- Posted: 2:41 PM, November 15, 2012
She has one of the most recognizable voices on the planet, but who is Jen Taylor?
The Post Game Report had a chance to speak to the Seattle native and delve a little bit into the person behind the voice that has been with Halo players in the form of Cortana for the better part of the past 11 years.
In the interview posted below, Taylor dishes on what it’s like being such a gaming icon, how the role of Cortana has changed over the past eleven years and what may be in store for the future of the franchise.
[WARNING: Spoilers Below]
Post Game Report: So, would it be offensive right off the bat to ask you to perform as Cortana for the entirety of this interview?
Jen Taylor: Hahaha! I don’t think it would be offensive, I just think it would be a little difficult because I’m sick. Would that make you feel at home?
PGR: I was just kidding, but it would have been amazing. How often do you get asked to do the whole Cortana thing by strangers?
Taylor: You know that never happens to me [in public]. When I go to the conferences, E3 or something like that, people will ask me when I’m signing autographs, they might ask me to say something. I don’t get recognized. As a voice-over actor, you have that blessing I think. People don’t recognize you.
PGR: How is voice-acting for a video game different than the other types of acting you have done? Such as on-screen or on-stage?
Taylor: I’m mainly a theater actor. It depends on the voice gig in all honesty. Most times, you walk in that morning, they put the script in front of you, you spend an hour working on it and you’re done. It’s fast and furious whereas theater you rehearse for months before you are in front of anybody. You spend a lot more time with the characters which is why, with Halo, it’s different for me. We’ve been working on this for over a decade now, it’s rare for me to get to play a character in a video game that long. It’s a gift.
PGR: This is a much different Cortana than we have seen in the previous Halo games. How was that different for you?
Taylor: I get to have a much meatier part because she is the emotional heart of the story and she goes to a place that she’s never been. It was fun, different to delve into that.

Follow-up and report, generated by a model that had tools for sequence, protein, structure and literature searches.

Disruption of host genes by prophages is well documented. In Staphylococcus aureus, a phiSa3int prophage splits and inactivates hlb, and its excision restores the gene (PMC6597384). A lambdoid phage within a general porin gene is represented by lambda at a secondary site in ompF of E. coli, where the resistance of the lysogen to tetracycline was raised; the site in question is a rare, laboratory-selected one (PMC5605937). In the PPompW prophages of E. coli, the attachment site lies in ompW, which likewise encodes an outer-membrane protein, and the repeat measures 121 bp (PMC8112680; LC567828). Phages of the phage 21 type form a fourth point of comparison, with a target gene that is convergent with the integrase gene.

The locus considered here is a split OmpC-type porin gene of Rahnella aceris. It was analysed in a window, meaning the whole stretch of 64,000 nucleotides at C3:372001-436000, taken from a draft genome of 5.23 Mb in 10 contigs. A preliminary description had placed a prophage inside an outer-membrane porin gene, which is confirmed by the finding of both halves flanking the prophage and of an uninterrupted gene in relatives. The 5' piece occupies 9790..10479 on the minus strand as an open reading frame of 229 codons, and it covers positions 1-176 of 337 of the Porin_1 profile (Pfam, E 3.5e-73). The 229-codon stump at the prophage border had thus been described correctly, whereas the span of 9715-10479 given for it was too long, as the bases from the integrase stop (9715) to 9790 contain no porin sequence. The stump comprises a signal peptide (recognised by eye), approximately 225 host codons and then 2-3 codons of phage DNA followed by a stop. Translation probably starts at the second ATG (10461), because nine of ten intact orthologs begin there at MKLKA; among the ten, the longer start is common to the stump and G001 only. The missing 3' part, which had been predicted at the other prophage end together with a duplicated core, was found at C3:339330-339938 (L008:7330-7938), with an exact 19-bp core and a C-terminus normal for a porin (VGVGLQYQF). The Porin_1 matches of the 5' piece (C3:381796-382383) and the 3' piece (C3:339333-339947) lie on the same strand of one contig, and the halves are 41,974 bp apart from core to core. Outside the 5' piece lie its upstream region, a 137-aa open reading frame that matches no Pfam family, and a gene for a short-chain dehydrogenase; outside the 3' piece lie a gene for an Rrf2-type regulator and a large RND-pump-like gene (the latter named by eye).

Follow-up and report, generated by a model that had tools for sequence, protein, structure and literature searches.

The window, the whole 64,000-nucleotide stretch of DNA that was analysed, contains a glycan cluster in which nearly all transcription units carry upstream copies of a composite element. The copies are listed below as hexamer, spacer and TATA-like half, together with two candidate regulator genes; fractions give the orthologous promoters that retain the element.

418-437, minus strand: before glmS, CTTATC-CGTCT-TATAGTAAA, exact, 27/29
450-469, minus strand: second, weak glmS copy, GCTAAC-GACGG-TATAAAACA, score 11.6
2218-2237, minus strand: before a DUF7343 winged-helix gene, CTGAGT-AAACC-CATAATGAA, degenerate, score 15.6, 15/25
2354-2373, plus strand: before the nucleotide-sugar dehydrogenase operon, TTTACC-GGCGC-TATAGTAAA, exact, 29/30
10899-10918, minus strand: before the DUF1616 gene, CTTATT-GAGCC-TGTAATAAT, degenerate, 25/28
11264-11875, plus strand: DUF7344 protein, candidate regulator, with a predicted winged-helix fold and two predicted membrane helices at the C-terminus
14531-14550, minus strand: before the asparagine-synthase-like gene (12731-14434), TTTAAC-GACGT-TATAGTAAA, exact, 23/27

PGR: We also may not get to see Cortana again, what was it like realizing that this may be the last time you play her?
Taylor: You may not. It’s so funny because we do it all out of order. It wasn’t honestly until we were finished and somebody forwarded me a review of somebody being so heartbroken over the fact that Cortana was gone, that I had the realization of “Oh right, Cortana is gone.” Because they do it so differently than how you see it, I had been carried along in the story and kind of put that out of my mind. All great things must come to an end, I guess is my response to that.
PGR: What is your relationship like with Steve [Downes], the voice behind Master Chief?
Taylor: We only met each other about a year ago. We had never met before. We worked on this game together for the first time ever. We were instantly sort of old friends it felt like to me. We click immediately, we both like to tease each other a lot so that’s what we do. Now, at this point, we call each other about once a week and talk about [Halo] because it feels like we’ve been through a battle together. We’ve shared this experience together and nobody else on the planet has been through it with us so we have a bond over that.
Invision for Xbox
PGR: What has it been like to see the outpouring of support and to see a character you play become such an icon?
Taylor: It’s a gift to be a part of something that affects people. You feel honored. It’s a blessing. I’m not confronted with that too much to be honest, but when I do read something like that, it’s lovely. There are thousands of people who have worked on this game so I feel like I’m just the stem of the cherry on top and I get noticed because it’s my voice. Of course it feels good, to think that you are impacting people who dig it. Even those who don’t, that’s interesting too, to see people get fired up about characters in a way that they wish they hadn’t. It’s interesting to see people when they are invested in something that you had a part in creating.
PGR: You’ve done a slew of other voice-acting jobs, including Princess Peach. That’s got to be a wild transition right?
Taylor: It’s a very different job. You come in and you’re there for four hours and they just want three different takes of these different sounds, whereas Halo is much more story driven, you’re paying attention to the arc of the story. In Mario Bros. you don’t have to do that as much.
PGR: Do you think that video game actors get overlooked? There are the Oscars, the Tonys, the Emmys, but there isn’t a video game version of that for actors?
Taylor: I guess there are Video Game Awards. I think that the fact that more and more people have asked to interview me because of this game, it speaks to the fact that people are becoming more aware of it. That’s really my barometer, that people are asking to interview me and people like Jennifer Hale, who’s a big star, are becoming household names. Voice-over actors, I think that would be a very strange award ceremony because we’re character actors, who don’t mind not being the star because we’re hard workers and are used to working without recognition. I think that would be a very funny award ceremony [laughs].